Q&A: Running as rehab/muscle building/PHT race preparations

Title: Overcoming Proximal Hamstring Tendinopathy: Your Questions Answered


Welcome to this podcast episode where we dive into the world of proximal hamstring tendinopathy (PHT). Whether you’re an athlete or not, understanding this condition and its treatment options can be crucial. In this blog-style article, we will explore answers to your burning questions about PHT, including its management, strength training, and considerations when training for a race.

Understanding Proximal Hamstring Tendinopathy

Proximal hamstring tendinopathy, often referred to as PHT, is a debilitating condition that affects many individuals, particularly athletes. To help shed light on some common queries, let’s delve into the Q&A section of this podcast episode.

Q&A 1: Building Strength and Recovery with Rob Jones

Question: “I’m a marathon runner suffering from PHT for three years. I’ve tried various exercises like glute bridges, squats, and more, but nothing seemed to work. Recently, I started running again and have reached 3.5 miles pain-free. Can this approach help me fully recover from PHT?”

Answer: Building strength and gradually reintroducing running can be a successful strategy for PHT recovery. Running should be considered a part of your rehabilitation, not the end goal. Incorporating both strength training and running in a gradual, controlled manner can increase your chances of success. While running alone can help, it may leave your tendon less resilient to abrupt changes or additional challenges.

Q&A 2: Muscle Building with PHT by Andrea Camerillo

Question: “Is there a technique to build lower limb muscle while managing PHT? I’ve been working out through pain with controlled movements and have improved my strength, but I’m still finding limits. Any advice?”

Answer: Building muscle mass while managing PHT requires a careful approach. Focus on exercises that the tendon can tolerate well, such as calf raises, step-ups, hip thrusts, and bridges. Gradually increase weights and reduce the range of motion if needed to minimize tendon strain. Consider increasing rest breaks between sets to allow the tendon to recover. Always consult with a healthcare professional or physiotherapist for personalized guidance.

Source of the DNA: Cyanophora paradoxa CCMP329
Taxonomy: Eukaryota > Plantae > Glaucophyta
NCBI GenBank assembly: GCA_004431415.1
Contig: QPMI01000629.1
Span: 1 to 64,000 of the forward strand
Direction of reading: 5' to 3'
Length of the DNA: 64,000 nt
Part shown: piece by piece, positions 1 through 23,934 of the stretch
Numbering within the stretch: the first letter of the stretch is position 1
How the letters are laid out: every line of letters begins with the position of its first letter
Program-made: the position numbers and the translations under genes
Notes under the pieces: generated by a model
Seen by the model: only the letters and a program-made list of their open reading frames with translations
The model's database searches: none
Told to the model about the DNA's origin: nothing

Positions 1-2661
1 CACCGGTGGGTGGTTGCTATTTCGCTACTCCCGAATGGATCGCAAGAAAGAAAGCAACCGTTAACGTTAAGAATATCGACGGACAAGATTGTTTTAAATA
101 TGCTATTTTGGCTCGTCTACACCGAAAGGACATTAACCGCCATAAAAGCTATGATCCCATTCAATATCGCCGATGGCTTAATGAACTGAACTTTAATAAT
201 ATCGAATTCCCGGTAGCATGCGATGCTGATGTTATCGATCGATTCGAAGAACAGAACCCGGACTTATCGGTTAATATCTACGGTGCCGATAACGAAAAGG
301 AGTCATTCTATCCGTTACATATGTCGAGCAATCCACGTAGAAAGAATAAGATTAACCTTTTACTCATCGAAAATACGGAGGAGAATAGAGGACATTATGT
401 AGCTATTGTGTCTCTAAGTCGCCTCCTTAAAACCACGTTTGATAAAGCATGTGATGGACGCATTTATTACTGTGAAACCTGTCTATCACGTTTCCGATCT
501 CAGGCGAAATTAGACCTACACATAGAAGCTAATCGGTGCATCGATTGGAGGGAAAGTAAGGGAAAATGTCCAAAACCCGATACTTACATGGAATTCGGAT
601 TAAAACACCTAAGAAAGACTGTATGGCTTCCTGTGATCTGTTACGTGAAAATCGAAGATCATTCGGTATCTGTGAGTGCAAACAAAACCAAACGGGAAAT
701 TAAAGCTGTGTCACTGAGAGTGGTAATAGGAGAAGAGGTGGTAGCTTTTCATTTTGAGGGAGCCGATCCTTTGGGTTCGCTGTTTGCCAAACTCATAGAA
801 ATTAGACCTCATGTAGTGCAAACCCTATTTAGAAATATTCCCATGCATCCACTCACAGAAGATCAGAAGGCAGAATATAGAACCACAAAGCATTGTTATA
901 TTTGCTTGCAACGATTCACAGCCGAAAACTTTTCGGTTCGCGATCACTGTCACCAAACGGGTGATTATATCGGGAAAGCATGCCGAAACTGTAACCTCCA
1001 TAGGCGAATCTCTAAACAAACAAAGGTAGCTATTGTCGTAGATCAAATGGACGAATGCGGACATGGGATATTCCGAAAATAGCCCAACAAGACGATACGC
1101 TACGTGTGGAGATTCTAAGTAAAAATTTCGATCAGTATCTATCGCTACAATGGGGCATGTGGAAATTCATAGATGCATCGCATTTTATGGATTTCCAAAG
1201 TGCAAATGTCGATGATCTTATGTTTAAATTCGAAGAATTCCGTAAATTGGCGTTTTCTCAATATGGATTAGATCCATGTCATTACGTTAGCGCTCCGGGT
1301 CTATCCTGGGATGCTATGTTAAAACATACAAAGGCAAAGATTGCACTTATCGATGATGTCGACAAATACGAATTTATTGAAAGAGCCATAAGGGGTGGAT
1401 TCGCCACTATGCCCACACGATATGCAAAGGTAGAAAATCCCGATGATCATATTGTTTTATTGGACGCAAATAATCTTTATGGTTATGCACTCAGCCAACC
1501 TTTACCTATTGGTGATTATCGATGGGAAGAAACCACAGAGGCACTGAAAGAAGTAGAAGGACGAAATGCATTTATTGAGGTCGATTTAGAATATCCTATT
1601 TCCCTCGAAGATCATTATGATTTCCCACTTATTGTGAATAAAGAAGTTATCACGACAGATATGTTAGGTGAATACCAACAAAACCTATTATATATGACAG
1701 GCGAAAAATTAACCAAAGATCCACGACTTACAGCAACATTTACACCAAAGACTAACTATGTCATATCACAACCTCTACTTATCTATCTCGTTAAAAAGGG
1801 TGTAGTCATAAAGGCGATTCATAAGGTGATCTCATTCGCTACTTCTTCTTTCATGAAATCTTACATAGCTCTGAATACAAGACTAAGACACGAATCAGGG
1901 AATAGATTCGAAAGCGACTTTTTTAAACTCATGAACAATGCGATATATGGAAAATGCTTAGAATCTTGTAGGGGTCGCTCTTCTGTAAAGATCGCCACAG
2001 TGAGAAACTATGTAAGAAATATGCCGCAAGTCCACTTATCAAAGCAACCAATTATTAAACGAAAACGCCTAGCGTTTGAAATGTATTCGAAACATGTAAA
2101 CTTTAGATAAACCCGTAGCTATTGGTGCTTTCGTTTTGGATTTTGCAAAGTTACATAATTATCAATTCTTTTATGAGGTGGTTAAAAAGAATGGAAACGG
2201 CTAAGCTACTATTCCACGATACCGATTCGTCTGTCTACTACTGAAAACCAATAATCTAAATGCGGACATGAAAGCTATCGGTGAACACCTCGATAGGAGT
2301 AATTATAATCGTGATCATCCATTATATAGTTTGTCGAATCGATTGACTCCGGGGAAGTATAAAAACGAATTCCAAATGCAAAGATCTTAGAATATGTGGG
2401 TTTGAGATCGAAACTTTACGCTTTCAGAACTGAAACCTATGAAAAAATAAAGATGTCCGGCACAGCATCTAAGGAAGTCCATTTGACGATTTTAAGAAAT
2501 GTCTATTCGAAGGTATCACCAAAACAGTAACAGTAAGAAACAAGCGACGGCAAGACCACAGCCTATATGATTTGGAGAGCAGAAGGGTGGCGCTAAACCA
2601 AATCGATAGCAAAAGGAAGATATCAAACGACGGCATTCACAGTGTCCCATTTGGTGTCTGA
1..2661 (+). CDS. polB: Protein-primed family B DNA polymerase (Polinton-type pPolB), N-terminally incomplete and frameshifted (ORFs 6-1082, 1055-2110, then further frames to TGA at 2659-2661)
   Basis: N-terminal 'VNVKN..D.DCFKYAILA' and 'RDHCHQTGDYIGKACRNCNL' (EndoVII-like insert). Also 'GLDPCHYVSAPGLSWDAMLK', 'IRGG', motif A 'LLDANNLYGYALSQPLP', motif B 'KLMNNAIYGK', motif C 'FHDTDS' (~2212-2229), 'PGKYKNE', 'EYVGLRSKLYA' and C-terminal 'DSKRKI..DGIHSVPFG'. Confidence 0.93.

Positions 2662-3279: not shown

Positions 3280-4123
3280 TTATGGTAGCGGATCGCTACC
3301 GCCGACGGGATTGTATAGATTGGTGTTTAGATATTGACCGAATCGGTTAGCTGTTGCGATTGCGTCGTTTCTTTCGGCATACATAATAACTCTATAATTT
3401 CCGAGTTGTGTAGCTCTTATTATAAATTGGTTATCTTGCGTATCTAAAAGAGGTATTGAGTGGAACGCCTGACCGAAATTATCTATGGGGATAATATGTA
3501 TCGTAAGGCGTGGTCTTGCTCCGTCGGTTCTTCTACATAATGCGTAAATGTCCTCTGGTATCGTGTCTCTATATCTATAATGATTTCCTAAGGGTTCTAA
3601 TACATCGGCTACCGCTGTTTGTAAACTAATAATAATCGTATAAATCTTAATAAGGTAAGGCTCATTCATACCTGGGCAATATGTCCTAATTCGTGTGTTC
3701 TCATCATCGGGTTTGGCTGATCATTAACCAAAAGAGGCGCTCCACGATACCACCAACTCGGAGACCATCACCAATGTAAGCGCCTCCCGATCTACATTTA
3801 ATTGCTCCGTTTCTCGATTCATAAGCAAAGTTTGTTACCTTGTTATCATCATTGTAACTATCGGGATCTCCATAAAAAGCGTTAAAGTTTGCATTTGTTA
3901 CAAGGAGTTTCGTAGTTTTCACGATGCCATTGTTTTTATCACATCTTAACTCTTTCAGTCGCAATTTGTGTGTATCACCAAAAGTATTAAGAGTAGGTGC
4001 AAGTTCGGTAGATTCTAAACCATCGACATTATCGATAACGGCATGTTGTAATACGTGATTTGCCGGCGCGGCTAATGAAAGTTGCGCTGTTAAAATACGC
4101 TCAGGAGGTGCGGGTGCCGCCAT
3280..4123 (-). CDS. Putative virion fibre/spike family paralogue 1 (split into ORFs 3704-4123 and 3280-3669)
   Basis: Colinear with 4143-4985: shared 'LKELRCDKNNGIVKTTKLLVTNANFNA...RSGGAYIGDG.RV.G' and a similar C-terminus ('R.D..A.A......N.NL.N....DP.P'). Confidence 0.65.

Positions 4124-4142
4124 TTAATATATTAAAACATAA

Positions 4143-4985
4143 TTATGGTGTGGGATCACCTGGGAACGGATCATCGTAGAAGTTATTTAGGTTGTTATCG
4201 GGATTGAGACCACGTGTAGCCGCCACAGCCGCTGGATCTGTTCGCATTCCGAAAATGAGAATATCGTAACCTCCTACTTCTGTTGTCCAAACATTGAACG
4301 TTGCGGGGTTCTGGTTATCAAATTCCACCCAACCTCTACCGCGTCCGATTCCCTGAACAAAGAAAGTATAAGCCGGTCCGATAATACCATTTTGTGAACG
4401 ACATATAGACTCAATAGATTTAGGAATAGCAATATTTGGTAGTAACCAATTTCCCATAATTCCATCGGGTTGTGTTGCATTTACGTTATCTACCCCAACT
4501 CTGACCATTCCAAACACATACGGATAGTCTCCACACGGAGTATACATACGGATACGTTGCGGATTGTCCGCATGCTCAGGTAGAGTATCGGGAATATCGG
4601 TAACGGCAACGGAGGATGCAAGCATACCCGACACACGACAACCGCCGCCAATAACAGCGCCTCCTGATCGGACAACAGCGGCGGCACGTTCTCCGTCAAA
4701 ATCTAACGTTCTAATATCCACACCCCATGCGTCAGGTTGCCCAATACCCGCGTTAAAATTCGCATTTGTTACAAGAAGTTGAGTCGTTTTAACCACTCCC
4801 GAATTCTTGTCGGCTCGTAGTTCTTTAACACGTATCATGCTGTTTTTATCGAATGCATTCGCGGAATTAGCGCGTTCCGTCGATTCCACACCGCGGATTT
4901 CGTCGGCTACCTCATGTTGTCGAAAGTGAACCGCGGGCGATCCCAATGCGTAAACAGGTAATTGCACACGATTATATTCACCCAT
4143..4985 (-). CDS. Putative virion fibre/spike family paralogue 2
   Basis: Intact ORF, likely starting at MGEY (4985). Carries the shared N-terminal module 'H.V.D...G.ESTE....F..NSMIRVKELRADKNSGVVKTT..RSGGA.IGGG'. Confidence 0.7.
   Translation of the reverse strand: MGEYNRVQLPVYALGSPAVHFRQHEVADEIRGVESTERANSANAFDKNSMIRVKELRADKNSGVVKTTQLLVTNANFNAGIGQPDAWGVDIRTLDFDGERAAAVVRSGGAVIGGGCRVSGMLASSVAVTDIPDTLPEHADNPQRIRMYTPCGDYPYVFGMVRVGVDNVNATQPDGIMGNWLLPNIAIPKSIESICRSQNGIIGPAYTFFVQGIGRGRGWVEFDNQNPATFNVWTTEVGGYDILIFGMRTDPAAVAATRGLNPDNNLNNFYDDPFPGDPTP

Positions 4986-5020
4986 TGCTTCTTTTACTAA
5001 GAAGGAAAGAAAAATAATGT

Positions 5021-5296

Q&A 3: Race Training with PHT – Arthi Raghu’s Dilemma

Question: “I’m scheduled to run the Boston Marathon and have been rehabbing PHT since December. I’m up to 8-9 miles, but the pain is gone by the next morning. Should I run the marathon and take it easy, or is it too risky?”

Answer: Training for a race with PHT requires a cautious approach. Map out a gradual progression plan for your long runs, ensuring a minimal increase in mileage each week. Avoid introducing speed work to reduce the risk of exacerbating your condition. Weigh the risks and rewards carefully and be prepared to pull out of the race if needed. Remember, there will always be more races in the future.


Proximal hamstring tendinopathy is a challenging condition, but with the right knowledge and a careful approach to strength training and rehabilitation, you can overcome it. Remember to consult with a healthcare professional or physiotherapist for personalized advice on managing PHT. Whether you’re building muscle, training for a race, or seeking to understand this condition better, taking control of your rehab journey is a powerful step toward a pain-free future.